Data Privacy Is News;
Now It’s Coming to RI
“There were still web cameras everywhere, and the possibility of optical computer scanning of license plate numbers. Murder was no different than other human activities in its ability to benefit from more pervasive computerization. Perhaps that’s what Rochelle had been thinking... First of all, she told him, ‘Avoid elevators.’ Elevator assassinations were not uncommon in the espionage business... Rochelle’s precautions were outmoded, rendered obsolete by the creeping tendrils of the internet.”
So reads a portion of Tetraktys, a novel set in a spy-thick world of symbols and computers devised by Prof. Ari Juels.
Juels is on the faculty at Cornell Tech, soon to move from Chelsea to new quarters south on Roosevelt Island, “creating pioneering leaders and technologies for the digital age, through research, technology commercialization, and graduate-level education.”
Juels, who is a youthful 46, is focused on computer security, cryptography, and privacy – hot topics in today’s news as the FBI and Apple battle over access to a locked iPhone used by a San Bernardino shooter. His novel betrays his unusual background: He studied literature and Latin at Amherst and Oxford before completing his computer science doctorate at the University of California at Berkeley. He admits that Tetrakyts is somewhat autobiograhical.
Before Cornell, Juels was the Chief Scientist at a division of EMC Corporation, working in RSA, the algorithm (named with the initials of the three MIT students who invented it) that powers most data encryption on the internet.
Dark Side of the Web
So far, the internet remains mostly free of intervention by authorities and governments, except in countries like Saudi Arabia, Russia, or China. It offers total freedom of expression and commerce. It is a libertarian paradise but it can also be a jungle, full of deception, predators, hackers, scammers, and criminals.
Juels’ research is predicated upon the fact that the internet is central to our lives. All information can now be digitized, stored, preserved indefinitely, and transmitted instantly around the world, at practically zero cost. All knowledge is accessible on a laptop, tablet, or smartphone with internet connection.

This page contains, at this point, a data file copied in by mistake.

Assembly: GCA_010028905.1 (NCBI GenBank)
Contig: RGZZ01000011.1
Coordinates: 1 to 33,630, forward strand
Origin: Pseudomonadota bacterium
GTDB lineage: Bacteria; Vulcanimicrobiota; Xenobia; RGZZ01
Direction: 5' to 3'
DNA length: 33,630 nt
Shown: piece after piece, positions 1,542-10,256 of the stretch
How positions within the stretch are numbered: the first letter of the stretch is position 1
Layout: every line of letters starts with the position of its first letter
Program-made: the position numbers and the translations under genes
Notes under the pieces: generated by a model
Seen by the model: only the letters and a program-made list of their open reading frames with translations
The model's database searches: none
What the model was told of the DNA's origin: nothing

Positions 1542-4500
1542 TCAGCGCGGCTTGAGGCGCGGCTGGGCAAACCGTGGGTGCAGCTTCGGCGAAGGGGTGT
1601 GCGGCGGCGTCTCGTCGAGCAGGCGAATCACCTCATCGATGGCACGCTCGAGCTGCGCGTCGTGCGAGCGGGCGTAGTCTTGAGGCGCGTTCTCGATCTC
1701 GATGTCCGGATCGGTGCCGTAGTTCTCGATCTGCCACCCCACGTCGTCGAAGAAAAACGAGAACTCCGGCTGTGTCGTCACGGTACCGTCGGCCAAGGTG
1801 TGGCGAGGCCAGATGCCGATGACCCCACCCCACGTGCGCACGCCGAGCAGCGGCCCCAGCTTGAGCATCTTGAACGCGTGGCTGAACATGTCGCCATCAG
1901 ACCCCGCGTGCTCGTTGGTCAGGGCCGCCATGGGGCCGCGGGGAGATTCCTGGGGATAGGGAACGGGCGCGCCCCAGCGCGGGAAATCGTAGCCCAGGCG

A large part of our lives has already migrated to cyberspace: business and financial data; personal data, including finances, social interactions, images, medical records, and many others are now residing on computers. We shop, bank, follow news, communicate, socialize and date online.
And commerce is rapidly becoming “e-commerce,” creating a need for the safe exchange of assets in cyberspace. “Every major complex system is vulnerable to cyberattack,” says Juels. “We usually defend the perimeter but you always should assume the enemy is already within the gates.”
In other words, Juels says, expect that fraudsters are already at work inside all banking and credit card systems, Chinese hackers have already infiltrated our defense systems and, possibly, terrorists are already seeking to take down the electric grid and wreak all sorts of havoc.
So what do we do to fight these enemies? How do we detect them, catch them, and stop them? Juels believes that likely solutions will be electronic versions of classic “deception” strategies, such as lures, traps, and “sting operations.”
Criminals constantly seek to access secure financial systems in order to generate unauthorized transactions and steal funds. For instance, a criminal may want to pose as the holder of a bank account and wire money to an accomplice. To do this, he will need one or multiple account passwords. Most likely, he will try to access the confidential database of passwords inside a bank’s system.
One way to catch these keyboard criminals is to lay traps for them, by creating “honey” or “decoy” passwords.
Suppose a criminal has acquired a list of usernames and passwords and is beginning to use them to steal. The moment he uses a planted decoy username or password, an alarm sounds, alerting system administrators that a probable breach is under way.
The internet supports remote transactions among individuals and firms. The parties to a sale or a financial transaction often do not know each other, yet they must trust each other to “perform” – make payments, provide goods and services, deliver securities. This is normally done by relying on trusted third-party intermediaries, or “central counterparties” such as banks, brokers, insurance companies, exchanges, or clearinghouses.
They play a key role:
• Participants (buyers and sellers) maintain accounts with the intermediary (they are “clients” of the intermediary).
• The intermediary maintains a “ledger” or record of the various participants’ “positions” (assets, claims e.g.).